# Exploring the Reals

Math > Math Concepts  > Numbers  > reals

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## Reals

The Real numbers include the integers, the rational, and the irrational numbers and are represented as points on the number line. Every real number has its own position on this number line, and this one to one correspondence with no gaps makes these numbers a continuum.

To understand the Real numbers, we  need to understand the concept of repeating and non-repeating decimals.

As it turns out, every rational number can be represented in one of these ways.

For example:     1/4  = 0.25           non-repeating    (terminating)

1/3  = 0.3333...     repeating          (non-terminating)

1/10 = 0.1            non-repeating    (terminating)

1/7  =  0.142857 142857 ....   repeating  (non-terminating)

Even more surprising, a repeating decimal can be expressed as a terminating decimal (ignoring the repeating 0's)!

Example:          0.3999999...  =  0.4

and here's why,

(*)                  0.300... + 0.099999... =  0.300...  +

multiply by 10

3.000...  +0.9999...       = 3.00...  + 10x

subtract 3                   0.9999...        =  10x

Pause here for a moment, the 3 on each side of the equation has been removed.

multiply by 10             9.999...          =  100x

subtract 0.999...          9.0000...        =  100x - 0.999...

note that 0.999... = 10x  and substitute     here  ^

9.000...          =  100x  - 10x

9.000...           = 90x

divide by 90               1/10                = x

going back to the equation above (*)

0.300... + 0.099999... 0.300...  + x

we have   0.3999...  =

3/10 + x = 3/10 + 1/10 = 4/10 = .4000... = 0.4

If we include the repeating 0's  (as in 0.40000...) then every rational number can be represented as a non-terminating decimal.  If the repeating sequence begins right after the decimal point, then the decimal number is "periodic".  If the decimal number contains digits after the decimal not part of the repeating sequence then the decimal number is called "mixed".

Example:

11/26 = 0.4230769230769...   230769  is the repeating sequence,  a bar is usually drawn above these digits to indicate the sequence. like so

when the repeating digits are understood, then an ellipsis is sufficient.

Conversions between decimals and fractions.

1.  To convert a fraction to a decimal number carry out the division until no remainders remain or a repeating sequence occurs.

2.  To convert a decimal number to a fraction, place the digits of the period in the numerator and in the denominator place one less than the power of 10 of the digits.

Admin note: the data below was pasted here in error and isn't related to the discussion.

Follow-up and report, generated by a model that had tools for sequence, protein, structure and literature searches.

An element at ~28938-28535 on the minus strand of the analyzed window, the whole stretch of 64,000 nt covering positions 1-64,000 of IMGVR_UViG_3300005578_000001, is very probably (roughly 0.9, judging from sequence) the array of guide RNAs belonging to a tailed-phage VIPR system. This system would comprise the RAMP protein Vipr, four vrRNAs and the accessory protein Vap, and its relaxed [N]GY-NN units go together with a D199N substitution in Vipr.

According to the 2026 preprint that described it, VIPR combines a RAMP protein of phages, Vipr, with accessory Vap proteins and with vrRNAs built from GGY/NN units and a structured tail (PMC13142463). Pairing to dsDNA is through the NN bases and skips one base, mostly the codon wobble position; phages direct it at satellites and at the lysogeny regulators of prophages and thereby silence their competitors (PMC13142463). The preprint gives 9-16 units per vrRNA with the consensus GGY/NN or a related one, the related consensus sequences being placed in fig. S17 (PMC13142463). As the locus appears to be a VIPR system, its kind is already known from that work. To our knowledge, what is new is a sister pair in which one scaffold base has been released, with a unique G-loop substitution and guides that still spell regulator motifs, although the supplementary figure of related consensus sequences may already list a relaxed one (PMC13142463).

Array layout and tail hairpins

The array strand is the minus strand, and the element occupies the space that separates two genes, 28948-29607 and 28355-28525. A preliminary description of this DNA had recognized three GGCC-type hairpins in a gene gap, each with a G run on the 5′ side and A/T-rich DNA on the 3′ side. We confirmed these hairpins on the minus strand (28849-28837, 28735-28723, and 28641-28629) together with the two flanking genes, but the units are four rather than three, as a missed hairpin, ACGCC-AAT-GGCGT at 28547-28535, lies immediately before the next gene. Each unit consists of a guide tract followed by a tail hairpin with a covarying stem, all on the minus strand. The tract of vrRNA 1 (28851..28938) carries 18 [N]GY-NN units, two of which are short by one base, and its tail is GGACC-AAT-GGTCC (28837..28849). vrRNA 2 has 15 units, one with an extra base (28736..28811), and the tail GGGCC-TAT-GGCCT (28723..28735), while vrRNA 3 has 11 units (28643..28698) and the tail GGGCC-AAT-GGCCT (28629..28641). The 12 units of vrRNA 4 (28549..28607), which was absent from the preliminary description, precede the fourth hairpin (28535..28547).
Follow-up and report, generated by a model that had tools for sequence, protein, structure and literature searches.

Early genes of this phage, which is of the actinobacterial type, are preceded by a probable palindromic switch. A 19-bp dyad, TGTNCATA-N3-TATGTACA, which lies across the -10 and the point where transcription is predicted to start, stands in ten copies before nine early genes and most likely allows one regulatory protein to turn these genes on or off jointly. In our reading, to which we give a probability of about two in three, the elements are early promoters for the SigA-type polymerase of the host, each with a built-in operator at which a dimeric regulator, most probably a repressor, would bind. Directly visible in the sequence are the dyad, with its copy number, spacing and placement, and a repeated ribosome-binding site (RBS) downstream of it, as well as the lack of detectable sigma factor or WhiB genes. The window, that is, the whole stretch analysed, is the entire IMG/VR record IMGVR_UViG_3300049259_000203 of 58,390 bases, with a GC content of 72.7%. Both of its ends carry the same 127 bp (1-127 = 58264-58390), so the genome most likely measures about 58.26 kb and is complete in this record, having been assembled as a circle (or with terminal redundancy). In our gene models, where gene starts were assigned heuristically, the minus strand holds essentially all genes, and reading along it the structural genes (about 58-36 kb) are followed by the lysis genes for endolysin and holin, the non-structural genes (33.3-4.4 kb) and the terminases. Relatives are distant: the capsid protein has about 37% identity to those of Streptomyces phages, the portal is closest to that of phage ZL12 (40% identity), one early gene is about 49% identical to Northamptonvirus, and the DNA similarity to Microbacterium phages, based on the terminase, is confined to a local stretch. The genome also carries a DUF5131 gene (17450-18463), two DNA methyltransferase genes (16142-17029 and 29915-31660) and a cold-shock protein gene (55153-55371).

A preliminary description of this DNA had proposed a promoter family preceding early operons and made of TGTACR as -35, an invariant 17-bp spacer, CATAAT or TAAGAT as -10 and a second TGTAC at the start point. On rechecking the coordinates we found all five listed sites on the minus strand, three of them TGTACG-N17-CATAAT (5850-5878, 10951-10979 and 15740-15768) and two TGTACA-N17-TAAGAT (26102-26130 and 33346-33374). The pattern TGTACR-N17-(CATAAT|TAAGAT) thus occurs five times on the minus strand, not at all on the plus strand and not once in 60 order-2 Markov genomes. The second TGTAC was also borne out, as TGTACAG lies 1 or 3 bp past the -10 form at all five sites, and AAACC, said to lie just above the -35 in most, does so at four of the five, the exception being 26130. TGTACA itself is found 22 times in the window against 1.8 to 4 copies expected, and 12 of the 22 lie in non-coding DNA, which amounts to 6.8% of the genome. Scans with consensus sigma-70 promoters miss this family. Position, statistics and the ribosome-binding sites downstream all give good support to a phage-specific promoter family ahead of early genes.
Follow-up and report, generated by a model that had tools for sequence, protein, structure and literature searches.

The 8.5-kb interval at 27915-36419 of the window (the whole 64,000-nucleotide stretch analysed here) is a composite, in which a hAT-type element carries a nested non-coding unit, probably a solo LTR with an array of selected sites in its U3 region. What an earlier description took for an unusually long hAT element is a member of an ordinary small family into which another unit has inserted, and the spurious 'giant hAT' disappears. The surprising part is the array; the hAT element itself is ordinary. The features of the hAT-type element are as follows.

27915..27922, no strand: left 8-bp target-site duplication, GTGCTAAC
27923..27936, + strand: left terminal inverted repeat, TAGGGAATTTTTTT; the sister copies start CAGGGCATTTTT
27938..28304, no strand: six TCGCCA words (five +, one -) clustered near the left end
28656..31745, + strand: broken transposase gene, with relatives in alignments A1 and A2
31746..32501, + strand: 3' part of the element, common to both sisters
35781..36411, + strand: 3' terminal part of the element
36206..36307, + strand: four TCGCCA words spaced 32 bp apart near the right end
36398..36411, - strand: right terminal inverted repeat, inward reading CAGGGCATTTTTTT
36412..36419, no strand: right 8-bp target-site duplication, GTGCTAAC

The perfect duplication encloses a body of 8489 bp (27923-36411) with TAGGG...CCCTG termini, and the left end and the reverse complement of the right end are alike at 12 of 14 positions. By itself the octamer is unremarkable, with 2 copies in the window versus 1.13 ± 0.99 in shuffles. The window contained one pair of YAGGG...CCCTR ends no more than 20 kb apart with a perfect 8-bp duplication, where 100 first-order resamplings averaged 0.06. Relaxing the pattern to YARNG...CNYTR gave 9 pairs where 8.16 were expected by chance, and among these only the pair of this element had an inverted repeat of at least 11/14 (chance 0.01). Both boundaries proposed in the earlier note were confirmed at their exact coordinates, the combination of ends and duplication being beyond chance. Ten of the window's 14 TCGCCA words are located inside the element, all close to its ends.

Examples:

0.33333....   repeats in the first position after the decimal so

the denominator is  10 -1 = 9  and we have  3/9 = 1/3

0.2727...      27 repeating so 100 -1 = 99 and 27/99 = 9/11

2.35858...    2.3  + 0.0585858 = 2.3 + 1/10 (0.585858...)

= 2.3 + 1/10( 58/99 ) = 2.3 + 58/990

=  2 + 3/10 + 58/990 = 2 + (3*99 + 58)/990

= 2 + 355/990 = 2 + 71/198 = 2  71/198  = 467/198

Notice in this last example 0.058585... required 1/10 to be factored out to move the first 5 next to the decimal point.

So, in review,  the Real Numbers are all non-terminating, repeating decimal numbers that represent all Rational Numbers and can approximate all Irrational Numbers.

All Real Numbers have a unique position on the number line (where irrational numbers can be handled with nested intervals, to be covered at a later time.)

Operations with real numbers.

Although a calculator is normally used to perform operations with real numbers, it is well worth the effort to make sure your student understands how real numbers are comprised of repeating and non repeating decimals.  So performing operations by hand will reinforce this concept using a calculator to perform multiplication or  division along the way is acceptable.

To add or subtract real numbers, line up the decimal points, place implied zeroes to get an equal number of decimals, then carry out the operation as you would with integers.

Example:  13.254 + 2.1

Example:    0.0016 + 23 + 4001.1

notice in this example leading zeroes are not shown since they are implied.

Example:    adding repeated decimals.

1) first convert to fractions as above

2) combine fractions

3) convert back to decimal

Multiplication

Ignore the decimal points, multiply the numbers, then place the decimal point counting from the right of the result to the left the total number of decimals in the  numbers multiplied.

Example:

Repeated decimals must first be converted to fractions, then multiply the

fractions, then convert back to decimal.

Example:  with repeated decimals

 Explanation for 2nd step

Division:

Move the decimal in the dividend to the right the number of decimals in the divisor.  Carry out the division as usual.

Example:   In this example the second step shows moving the decimal to the right two places, the number of decimals in the divisor. Also, the division stops at the second decimal since the least number of significant digits is 1 (in the dividend) and the second decimal would be used to round up or round down the first decimal.  In this case the answer is simply 109.2.

Example:  repeating decimals, convert to fractions, invert then multiply.  Finally, convert back to decimal.

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